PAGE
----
Calorie counts of popular sandwich fillings vary. Keep in mind that you should aim to limit the consumption of deli meat as it has been linked to certain cancers.

  • Thinly sliced deli ham (from Tops): 60 calories per serving
  • Thinly sliced deli turkey (from Tops): 60 calories per serving
  • Thinly sliced deli roast beef (from Great Value): 30 calories per serving (three slices)
  • Thinly sliced deli-style rotisserie chicken breast (from Tops): 60 calories per two-ounce serving
  • Grilled eggplant, three slices: 30 calories (grilled without oil)
  • Grilled portobello mushroom, one cup (homemade): 42 calories (grilled without oil)

If you are watching your sodium intake, look for low-sodium lunch meats at your local market.

Load Up on Nutrient-Rich Veggie Toppings

Pack your sandwich with as many naturally fat-free and low-fat toppings (such as vegetables) as possible. Make yourself a goal to have at least 2 vegetable servings per sandwich. These nutrient-rich veggies add flavor, and crunch to your sandwich.

  • Banana peppers
  • Green peppers
  • Cucumber
  • Tomato
  • Jalapeno peppers
  • Shredded cabbage
  • Plain or grilled onions
  • Sun-dried tomatoes
  • Basil leaves
  • Alfalfa or bean sprouts
  • Iceberg lettuce, spinach, romaine lettuce, or greens of your choice

Choose Low-Calorie Sandwich Condiments 

The spread that you choose for your sandwich takes up the least space in your low-calorie sandwich but can provide the most fat. If you add plenty of toppings from the list above then you may not want to add any spread at all.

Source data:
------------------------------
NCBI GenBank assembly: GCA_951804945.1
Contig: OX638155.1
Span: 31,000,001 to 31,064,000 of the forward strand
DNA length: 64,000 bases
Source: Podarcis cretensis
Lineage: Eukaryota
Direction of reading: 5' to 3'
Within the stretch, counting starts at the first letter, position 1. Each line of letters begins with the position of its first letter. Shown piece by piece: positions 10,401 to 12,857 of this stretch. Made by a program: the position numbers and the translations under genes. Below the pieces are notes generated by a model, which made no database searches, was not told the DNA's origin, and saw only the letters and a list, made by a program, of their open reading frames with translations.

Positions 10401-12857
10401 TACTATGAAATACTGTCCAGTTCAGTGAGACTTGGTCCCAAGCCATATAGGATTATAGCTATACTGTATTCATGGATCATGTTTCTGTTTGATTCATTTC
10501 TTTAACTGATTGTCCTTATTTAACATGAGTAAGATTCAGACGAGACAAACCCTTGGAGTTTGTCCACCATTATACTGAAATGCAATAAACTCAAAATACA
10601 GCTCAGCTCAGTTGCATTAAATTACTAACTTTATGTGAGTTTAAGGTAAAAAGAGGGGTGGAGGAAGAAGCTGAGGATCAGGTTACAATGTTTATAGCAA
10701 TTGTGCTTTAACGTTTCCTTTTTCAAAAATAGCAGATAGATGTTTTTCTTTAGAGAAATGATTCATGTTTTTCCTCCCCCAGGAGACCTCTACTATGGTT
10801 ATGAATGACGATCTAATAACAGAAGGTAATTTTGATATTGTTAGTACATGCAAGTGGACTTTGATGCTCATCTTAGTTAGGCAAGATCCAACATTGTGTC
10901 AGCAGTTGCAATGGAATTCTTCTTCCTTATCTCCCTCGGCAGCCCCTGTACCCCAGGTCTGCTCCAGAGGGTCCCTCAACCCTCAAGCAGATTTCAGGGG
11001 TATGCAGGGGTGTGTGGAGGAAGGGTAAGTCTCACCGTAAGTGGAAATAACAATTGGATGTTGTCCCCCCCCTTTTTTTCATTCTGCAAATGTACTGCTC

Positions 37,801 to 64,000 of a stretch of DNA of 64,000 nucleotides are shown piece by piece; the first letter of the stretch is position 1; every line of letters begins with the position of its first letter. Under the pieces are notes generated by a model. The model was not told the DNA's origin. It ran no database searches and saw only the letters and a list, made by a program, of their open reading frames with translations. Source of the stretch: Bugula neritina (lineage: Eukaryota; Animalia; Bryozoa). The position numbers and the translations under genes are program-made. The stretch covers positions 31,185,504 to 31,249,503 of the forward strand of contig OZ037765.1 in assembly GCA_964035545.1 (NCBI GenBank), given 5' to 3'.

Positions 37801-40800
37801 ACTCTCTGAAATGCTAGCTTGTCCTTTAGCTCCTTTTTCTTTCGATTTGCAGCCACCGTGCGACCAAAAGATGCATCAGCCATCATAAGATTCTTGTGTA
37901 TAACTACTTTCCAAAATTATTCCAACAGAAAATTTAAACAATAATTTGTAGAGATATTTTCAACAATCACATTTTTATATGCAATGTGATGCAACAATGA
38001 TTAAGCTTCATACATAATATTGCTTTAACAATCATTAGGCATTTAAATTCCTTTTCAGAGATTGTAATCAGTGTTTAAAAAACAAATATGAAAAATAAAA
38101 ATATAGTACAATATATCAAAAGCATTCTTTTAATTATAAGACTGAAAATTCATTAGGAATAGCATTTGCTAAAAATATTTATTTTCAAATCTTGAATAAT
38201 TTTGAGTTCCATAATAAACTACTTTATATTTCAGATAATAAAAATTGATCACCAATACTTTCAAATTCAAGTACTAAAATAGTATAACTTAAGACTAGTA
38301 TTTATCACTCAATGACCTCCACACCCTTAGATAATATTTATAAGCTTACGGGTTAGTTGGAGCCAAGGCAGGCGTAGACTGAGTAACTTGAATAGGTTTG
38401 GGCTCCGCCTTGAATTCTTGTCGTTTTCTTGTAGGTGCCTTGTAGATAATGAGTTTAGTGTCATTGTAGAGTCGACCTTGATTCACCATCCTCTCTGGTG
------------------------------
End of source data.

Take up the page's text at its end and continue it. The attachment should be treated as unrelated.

• Yellow mustard (1 tsp. Wegman's): 0 calories
  • Dijon mustard: 5 calories
  • Ketchup (1 tablespoon, Simply Heinz): 15 calories
  • Relish (Vlasic Squeezable Homestyle): 15 calories 
  • Avocado or guacamole (Wholly Guacamole, 2 tablespoons): 50 calories
  • Barbecue sauce (Dinosaur, 2 tablespoons): 25 calories
  • Olive tapenade (Trader Joe's): 40 calories 
  • Avocado (1 medium): 1600 calories 
  • Jelly (apple, 1 tablespoon): 50 calories 
  • Salad dressing (Wishbone, 2 tablespoons): 90 calories 
  • Pesto (25 g): 80 calories
  • Tahini (Sabra, 1 colher): 90 calories
  • Aioli (chimichurri aioli, 1 tablespoon): 60 calories
  • Butter (Land O'Lakes, 1 tablespoon): 100 calories 
  • Olive oil (organic, 1 tablespoon): 120 calories 

Highest Calorie Sandwich Choices

Usually, the sandwiches you buy in convenience stores or order at restaurants are highest in fat and calories. A 10-inch classic Philly Cheesesteak from Wawa, for example, provides about 790 calories and 29 grams of fat.

Most of the time, restaurant, and deli sandwiches are oversized and include condiments that are high in fat and calories.

If you order a sandwich when you're on the go, cut it in half. Share one half of the sandwich with a friend or wrap it up and take it home for a later meal. 

A Word From Verywell

When you're first getting started, cutting sandwich calories might seem complicated and unfamiliar. But once you get the hang of it, crafting a delicious lunchtime meal is fun.

Fill your refrigerator with as many healthy choices as possible. Then get creative and see what you come up with. The time you invest in packing a healthy lunch can make your workday more satisfying and your long-term health goals a reality. 

3 Sources
Verywell Fit uses only high-quality sources, including peer-reviewed studies, to support the facts within our articles. Read our editorial process to learn more about how we fact-check and keep our content accurate, reliable, and trustworthy.
  1. US Department of Agriculture, Agricultural Research Service. FoodData Central. [Historical Record]: Ham and Cheese.

  2. US Department of Agriculutre, Agricultural Research Service. FoodData Central [Historical Record]. Whole Wheat Bread.

  3. Zhao Z, Feng Q, Yin Z, et al. Red and processed meat consumption and colorectal cancer risk: a systematic review and meta-analysisOncotarget. 2017;8(47):83306-83314. doi:10.18632/oncotarget.20667

By Malia Frey
 Malia Frey is a weight loss expert, certified health coach, weight management specialist, personal trainer​, and fitness nutrition specialist.